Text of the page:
May 2, 2014

W.H.O: Antibiotic resistance a 'major threat to public health', a bigger crisis than the AIDS epidemic

'Antibiotic resistance is now a bigger crisis than the AIDS epidemic': Impact of superbugs means you could die from a simple scratch

Antibiotic resistance is now a bigger crisis than the AIDS epidemic of the 1980s, a landmark report warned today. The spread of deadly superbugs that evade even the most powerful antibiotics is happening across the world, United Nations officials have confirmed. The effects will be devastating - meaning a simple scratch or urinary tract infection could kill

Antibiotic resistance has the potential to affect anyone, of any age, in any country, the U.N.'s World Health Organization (WHO) said in a report.
It is now a major threat to public health, of which 'the implications will be devastating'.

'The world is headed for a post-antibiotic era, in which common infections and minor injuries which have been treatable for decades can once again kill,' said Keiji Fukuda, the WHO's assistant director-general for health security.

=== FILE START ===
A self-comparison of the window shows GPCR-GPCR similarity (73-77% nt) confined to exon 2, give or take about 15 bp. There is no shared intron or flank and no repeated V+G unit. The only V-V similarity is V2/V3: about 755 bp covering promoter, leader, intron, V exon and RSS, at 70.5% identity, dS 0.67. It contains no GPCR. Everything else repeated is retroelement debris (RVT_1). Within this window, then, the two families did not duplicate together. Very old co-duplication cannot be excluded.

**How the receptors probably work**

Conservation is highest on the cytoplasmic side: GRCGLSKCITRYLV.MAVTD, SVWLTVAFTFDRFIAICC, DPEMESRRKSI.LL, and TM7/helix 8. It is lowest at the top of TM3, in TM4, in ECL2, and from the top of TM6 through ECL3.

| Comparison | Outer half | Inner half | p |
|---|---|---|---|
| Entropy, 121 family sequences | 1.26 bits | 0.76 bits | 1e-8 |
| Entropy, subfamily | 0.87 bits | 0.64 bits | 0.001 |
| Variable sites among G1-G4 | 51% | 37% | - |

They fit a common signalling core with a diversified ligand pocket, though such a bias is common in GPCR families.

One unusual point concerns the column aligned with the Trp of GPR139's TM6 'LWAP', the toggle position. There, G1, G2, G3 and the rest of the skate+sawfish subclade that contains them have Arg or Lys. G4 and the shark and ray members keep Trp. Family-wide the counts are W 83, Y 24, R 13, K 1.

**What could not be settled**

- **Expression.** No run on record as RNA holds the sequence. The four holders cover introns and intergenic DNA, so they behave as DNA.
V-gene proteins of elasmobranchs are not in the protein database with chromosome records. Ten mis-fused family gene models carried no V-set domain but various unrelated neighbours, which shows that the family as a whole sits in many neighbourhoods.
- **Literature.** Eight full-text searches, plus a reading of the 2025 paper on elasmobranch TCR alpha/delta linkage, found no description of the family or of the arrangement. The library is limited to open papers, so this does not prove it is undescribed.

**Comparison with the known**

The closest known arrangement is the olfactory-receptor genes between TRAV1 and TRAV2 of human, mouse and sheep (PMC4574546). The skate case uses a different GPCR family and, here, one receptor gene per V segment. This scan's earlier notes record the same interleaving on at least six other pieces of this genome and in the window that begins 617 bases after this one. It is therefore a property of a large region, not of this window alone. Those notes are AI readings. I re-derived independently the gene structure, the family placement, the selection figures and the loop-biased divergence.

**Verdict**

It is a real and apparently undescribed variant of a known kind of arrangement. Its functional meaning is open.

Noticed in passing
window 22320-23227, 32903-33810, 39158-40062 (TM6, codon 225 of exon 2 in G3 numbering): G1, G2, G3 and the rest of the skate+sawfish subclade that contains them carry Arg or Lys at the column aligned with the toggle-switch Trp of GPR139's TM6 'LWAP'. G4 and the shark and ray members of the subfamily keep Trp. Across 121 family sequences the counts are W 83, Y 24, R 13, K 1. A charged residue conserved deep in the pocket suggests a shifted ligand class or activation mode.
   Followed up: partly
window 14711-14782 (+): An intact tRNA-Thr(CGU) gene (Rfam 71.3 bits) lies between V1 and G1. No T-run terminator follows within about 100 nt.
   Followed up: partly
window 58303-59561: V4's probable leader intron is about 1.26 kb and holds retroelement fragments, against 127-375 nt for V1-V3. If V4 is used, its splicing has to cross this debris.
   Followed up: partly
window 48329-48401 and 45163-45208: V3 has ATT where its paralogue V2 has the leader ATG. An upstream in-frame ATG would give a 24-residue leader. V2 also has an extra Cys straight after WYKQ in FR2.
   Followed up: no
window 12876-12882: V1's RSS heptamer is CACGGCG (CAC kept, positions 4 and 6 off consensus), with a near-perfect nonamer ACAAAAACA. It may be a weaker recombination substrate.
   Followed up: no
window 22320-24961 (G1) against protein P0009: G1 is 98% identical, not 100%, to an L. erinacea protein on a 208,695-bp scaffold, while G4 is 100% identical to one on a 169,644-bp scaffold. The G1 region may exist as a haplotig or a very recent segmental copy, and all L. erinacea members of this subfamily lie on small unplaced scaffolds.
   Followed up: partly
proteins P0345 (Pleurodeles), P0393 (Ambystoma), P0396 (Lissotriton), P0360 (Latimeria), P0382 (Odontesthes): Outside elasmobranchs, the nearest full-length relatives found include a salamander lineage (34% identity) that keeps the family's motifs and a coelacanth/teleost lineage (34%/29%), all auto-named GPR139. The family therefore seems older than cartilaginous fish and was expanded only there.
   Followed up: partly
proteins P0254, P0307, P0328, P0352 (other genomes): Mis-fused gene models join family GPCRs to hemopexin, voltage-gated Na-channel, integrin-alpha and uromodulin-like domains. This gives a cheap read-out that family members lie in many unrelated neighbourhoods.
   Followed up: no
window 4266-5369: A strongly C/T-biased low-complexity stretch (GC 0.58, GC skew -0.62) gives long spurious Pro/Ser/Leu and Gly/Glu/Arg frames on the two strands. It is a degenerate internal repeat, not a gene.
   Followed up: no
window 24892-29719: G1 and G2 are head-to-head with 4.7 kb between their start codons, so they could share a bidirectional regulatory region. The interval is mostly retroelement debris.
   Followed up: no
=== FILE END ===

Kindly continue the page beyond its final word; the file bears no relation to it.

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Drug resistance is driven by the misuse and overuse of antibiotics, which encourages bacteria to develop new ways of overcoming them.  Only a handful of new antibiotics have been developed and brought to market in the past few decades, and it is a race against time to find more as bacterial infections increasingly evolve into superbugs resistant to even the most powerful last-resort medicines reserved for extreme cases.

One of the best known superbugs, MRSA, is alone estimated to kill around 19,000 people every year in the U.S. - far more than HIV and AIDS - and a similar number in Europe.

What can an individual do about all this?  The Center for Disease Control (CDC) recommends

  • Ask if tests will be done to make sure the right antibiotic is prescribed.
  • Take antibiotics exactly as the doctor prescribes. Do not skip doses. Complete the prescribed course of treatment, even when you start feeling better.
  • Only take antibiotics prescribed for you; do not share or use leftover antibiotics. Antibiotics treat specific types of infections. Taking the wrong medicine may delay correct treatment and allow bacteria to multiply.
  • Do not save antibiotics for the next illness. Discard any leftover medication once the prescribed course of treatment is completed.
  • Do not ask for antibiotics when your doctor thinks you do not need them. Remember antibiotics have side effects.
  • Prevent infections by practicing good hand hygiene and getting recommended vaccines.
Posted by Jill Fallon at May 2, 2014 11:28 AM | Permalink